The temperatures of 45 to 35 degrees that I have felt here may seem as nothing to you readers up North, but they feel much colder down here because of the humidity and lack of insulation in the buildings. To add to the unpleasantness, in winter there is also an occasional fog that strikes, sometimes quite dense.

A view of my neighbors house with some fog.
In case you think that I am just a wimp to complain about our seemingly mild winters read on.

I have lived in places where it snowed regularly in winter. Wally and I lived for 3 years in Brooklyn, New York USA and have seen some tough winters there when I was younger.

In Brooklyn, New york USA
Photo #1Digging our Volvo out of the parking lot.  Photo #2 Me and our friend Gordon Grant at the Lincoln Center in Manhattan
 Photo #3 The Brooklyn Bridge  near the Fulton Ferry.

Even in Seattle, Washington where we lived for 18 years, it would snow at least once or twice each winter with at least one of the snow falls being very heavy and dumping lots of snow on the ground . Of course, everyone would call into work and beg off from going in that day. Seattle wasn't really equipped snowplow wise to clear off all of the streets. Even buses would go sliding down the streets.

Our house in Kirkland, Washington State USA and our puppy Maggie!
Wally and I also lived in the south of Germany near the Swiss border. Once during winter we had hung our clothes inside to dry in the living room of an old farmhouse we were renovating for a friend. It was winter and we had strung up a clothes line in the living room to dry our work clothes after washing them. They hung out to dry in front of the ceramic fire box. Well, we went to see and visit a neighbor and when we came back the fire had gone out and our clothes had frozen stiff!!!  Another time in Germany, Wally was wondering why he couldn't open our car's door when he realized it wasn't the door lock or the handle but the fact that his gloved hand was too cold to work, it was 23º F (-5 ).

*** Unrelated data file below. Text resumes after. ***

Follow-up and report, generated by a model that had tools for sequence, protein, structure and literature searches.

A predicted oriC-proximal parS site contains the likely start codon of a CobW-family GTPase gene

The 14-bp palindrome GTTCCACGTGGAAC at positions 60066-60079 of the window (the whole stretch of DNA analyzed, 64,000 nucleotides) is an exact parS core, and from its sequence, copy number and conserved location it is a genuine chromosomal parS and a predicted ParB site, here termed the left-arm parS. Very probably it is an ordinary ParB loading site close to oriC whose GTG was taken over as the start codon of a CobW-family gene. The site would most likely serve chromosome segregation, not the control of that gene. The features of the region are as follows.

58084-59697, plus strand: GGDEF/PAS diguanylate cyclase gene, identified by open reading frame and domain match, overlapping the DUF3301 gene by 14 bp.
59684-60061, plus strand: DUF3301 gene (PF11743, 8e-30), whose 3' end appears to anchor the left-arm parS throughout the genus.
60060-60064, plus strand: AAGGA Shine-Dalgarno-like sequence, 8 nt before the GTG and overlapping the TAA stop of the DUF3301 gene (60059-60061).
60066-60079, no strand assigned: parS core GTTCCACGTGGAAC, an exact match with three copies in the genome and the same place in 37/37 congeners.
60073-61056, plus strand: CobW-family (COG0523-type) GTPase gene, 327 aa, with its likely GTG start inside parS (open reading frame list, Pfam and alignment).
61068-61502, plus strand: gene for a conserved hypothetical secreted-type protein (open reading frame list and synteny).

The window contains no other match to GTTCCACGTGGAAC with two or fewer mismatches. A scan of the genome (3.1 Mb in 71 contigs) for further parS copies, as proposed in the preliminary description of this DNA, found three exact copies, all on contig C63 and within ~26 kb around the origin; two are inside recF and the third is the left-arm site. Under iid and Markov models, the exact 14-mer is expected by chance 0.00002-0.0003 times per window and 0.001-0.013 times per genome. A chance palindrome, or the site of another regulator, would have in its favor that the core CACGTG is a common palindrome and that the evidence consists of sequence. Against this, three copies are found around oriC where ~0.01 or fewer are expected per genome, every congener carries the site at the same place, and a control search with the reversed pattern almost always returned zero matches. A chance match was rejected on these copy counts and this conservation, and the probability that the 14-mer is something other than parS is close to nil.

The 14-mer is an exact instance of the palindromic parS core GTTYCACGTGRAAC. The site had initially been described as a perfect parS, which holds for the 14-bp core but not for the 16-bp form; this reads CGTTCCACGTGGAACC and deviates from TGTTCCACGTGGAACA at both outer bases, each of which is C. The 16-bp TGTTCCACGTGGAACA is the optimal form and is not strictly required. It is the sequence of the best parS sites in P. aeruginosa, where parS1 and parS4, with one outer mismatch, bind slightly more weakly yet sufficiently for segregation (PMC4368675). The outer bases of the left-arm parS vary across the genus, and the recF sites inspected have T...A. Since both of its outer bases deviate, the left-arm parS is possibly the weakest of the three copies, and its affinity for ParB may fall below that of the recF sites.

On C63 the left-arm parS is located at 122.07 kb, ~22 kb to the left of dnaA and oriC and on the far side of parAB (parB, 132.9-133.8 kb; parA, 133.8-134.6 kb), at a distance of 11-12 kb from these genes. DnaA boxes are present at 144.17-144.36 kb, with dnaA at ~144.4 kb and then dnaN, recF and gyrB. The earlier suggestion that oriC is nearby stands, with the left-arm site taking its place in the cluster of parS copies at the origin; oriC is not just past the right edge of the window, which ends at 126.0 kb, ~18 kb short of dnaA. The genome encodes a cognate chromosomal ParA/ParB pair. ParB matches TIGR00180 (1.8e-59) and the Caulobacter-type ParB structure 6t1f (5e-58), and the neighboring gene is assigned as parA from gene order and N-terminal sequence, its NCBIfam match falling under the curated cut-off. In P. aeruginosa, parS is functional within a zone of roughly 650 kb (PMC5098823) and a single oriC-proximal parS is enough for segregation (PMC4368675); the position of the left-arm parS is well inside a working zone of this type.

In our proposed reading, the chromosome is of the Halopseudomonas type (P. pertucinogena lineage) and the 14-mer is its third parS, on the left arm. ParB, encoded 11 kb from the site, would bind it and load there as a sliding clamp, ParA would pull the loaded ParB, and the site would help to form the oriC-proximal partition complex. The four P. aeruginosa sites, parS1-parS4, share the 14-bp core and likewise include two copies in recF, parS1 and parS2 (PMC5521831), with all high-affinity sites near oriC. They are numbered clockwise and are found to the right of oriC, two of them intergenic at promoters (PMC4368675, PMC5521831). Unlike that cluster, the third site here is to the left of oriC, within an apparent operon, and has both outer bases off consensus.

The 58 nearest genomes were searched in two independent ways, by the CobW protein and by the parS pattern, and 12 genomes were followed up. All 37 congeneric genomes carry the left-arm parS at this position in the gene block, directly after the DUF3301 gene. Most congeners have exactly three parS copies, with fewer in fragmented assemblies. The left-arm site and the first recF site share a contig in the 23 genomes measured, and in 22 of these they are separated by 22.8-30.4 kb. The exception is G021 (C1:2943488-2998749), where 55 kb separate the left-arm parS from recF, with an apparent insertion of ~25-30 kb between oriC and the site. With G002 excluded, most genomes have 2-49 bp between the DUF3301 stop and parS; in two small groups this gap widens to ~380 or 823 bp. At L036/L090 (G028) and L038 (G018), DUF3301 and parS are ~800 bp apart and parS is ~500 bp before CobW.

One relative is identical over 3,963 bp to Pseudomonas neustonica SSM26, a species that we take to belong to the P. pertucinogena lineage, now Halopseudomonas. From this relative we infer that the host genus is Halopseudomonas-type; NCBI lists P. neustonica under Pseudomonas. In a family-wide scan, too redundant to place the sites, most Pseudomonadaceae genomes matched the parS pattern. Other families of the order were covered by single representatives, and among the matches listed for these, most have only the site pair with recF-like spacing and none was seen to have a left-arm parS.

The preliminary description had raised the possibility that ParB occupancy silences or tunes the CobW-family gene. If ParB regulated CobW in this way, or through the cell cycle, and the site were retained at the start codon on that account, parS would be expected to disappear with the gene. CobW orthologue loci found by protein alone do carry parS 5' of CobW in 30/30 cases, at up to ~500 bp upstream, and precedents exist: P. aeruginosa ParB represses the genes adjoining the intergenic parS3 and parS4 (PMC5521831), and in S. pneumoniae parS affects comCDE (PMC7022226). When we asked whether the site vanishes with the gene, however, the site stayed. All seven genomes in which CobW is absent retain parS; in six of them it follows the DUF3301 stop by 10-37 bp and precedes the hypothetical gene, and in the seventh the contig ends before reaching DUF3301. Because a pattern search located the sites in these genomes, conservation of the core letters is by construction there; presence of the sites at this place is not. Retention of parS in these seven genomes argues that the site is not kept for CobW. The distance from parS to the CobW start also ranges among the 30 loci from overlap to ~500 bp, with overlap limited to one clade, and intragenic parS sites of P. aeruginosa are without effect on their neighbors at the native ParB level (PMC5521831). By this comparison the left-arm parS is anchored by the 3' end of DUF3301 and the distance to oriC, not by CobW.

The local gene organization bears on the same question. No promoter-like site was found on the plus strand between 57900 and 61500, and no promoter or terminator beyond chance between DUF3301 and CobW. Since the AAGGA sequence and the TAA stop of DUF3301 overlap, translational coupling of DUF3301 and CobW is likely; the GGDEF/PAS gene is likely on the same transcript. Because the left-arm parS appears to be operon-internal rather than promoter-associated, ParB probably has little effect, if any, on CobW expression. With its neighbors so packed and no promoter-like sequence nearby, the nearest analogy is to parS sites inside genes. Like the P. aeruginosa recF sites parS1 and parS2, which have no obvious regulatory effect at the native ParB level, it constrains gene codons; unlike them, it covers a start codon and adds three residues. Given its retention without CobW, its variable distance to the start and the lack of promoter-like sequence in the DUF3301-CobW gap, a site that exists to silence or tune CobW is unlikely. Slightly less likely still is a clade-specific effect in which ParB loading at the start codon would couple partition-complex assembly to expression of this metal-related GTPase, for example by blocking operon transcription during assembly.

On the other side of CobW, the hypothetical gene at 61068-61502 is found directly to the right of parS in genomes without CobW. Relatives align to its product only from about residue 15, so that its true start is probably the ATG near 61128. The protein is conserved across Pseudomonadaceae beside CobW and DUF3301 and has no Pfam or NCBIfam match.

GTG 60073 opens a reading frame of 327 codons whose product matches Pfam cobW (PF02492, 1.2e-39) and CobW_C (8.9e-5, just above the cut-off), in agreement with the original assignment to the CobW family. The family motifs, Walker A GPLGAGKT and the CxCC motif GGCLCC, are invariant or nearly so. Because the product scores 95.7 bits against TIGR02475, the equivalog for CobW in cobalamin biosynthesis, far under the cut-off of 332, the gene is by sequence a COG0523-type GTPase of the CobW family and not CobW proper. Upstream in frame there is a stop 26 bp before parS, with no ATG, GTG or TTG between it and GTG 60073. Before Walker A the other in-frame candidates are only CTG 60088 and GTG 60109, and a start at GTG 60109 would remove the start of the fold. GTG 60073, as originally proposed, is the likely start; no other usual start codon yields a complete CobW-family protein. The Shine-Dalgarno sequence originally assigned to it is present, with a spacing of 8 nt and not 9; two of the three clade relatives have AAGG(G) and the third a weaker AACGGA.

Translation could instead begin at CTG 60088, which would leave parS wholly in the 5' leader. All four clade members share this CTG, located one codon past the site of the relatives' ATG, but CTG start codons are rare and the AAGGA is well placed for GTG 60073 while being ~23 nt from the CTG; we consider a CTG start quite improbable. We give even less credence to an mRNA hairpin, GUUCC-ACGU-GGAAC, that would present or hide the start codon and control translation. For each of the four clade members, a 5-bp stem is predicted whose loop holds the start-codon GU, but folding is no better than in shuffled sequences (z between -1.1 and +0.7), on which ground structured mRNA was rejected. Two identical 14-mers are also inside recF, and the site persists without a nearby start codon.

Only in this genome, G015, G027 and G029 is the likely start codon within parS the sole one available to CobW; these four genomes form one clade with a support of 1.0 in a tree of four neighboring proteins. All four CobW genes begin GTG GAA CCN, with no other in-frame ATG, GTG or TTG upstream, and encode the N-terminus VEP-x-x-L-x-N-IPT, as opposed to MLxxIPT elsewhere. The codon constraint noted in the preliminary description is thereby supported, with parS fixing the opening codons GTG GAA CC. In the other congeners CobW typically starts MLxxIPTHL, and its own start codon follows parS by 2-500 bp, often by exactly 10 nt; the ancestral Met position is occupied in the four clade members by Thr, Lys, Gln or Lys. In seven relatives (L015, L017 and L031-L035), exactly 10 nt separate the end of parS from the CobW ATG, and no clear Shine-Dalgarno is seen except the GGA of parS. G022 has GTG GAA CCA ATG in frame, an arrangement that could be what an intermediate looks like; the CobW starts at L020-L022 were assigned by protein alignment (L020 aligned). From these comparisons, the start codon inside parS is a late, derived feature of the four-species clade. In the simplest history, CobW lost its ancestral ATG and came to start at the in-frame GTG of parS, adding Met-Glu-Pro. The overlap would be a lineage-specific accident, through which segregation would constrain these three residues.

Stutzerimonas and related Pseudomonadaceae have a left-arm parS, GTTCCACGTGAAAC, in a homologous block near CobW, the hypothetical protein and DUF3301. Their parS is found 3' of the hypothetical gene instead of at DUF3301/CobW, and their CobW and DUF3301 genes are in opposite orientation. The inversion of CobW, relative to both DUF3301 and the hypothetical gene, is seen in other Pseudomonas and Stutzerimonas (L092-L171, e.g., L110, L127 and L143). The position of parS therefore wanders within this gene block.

Blumberg Germany and The Römer in Frankfurt, Germany
We have visited cold places in winter, like Denmark, where we saw ships frozen in the harbor canal and ships being repaired with fire pots lit right on the frozen water.

Denmark, Europe. It lies above Germany in the North, it snows in winter.
The Capital city of Copenhagen, Denmark and the "Little Mermaid" at Langelinje pier.
It's true that we had great coats on and always wore scarves, hats and mittens (gloves for Wally) and so we felt warm in these places but the Uruguayans also dress up like Eskimos about to venture toward the North Pole. They need to because I and several Canadians living here, all say that, we have never felt colder living anywhere else, than here in Uruguay in the winter.

You never seem to warm up during the winter because you don't have heated places to go into. Even schools are said to be kept cold. It's due, as I said before to the lack of quality insulation or any insulation. My house is pretty well built and will retain heat once heated but still without a heat pump or central heating neither of which I have, I, like the rest of the majority here, have to bundle up most of the time inside and outside.

Barney my poor guy doesn't have much fur, not like the other longer coated pets. I usually wrap him up in a towel so he can sleep toasty and then Nathan (the cat) will come and sleep on top of Barney. Sheila wouldn't allow that. All of my animals sleep in doors at night.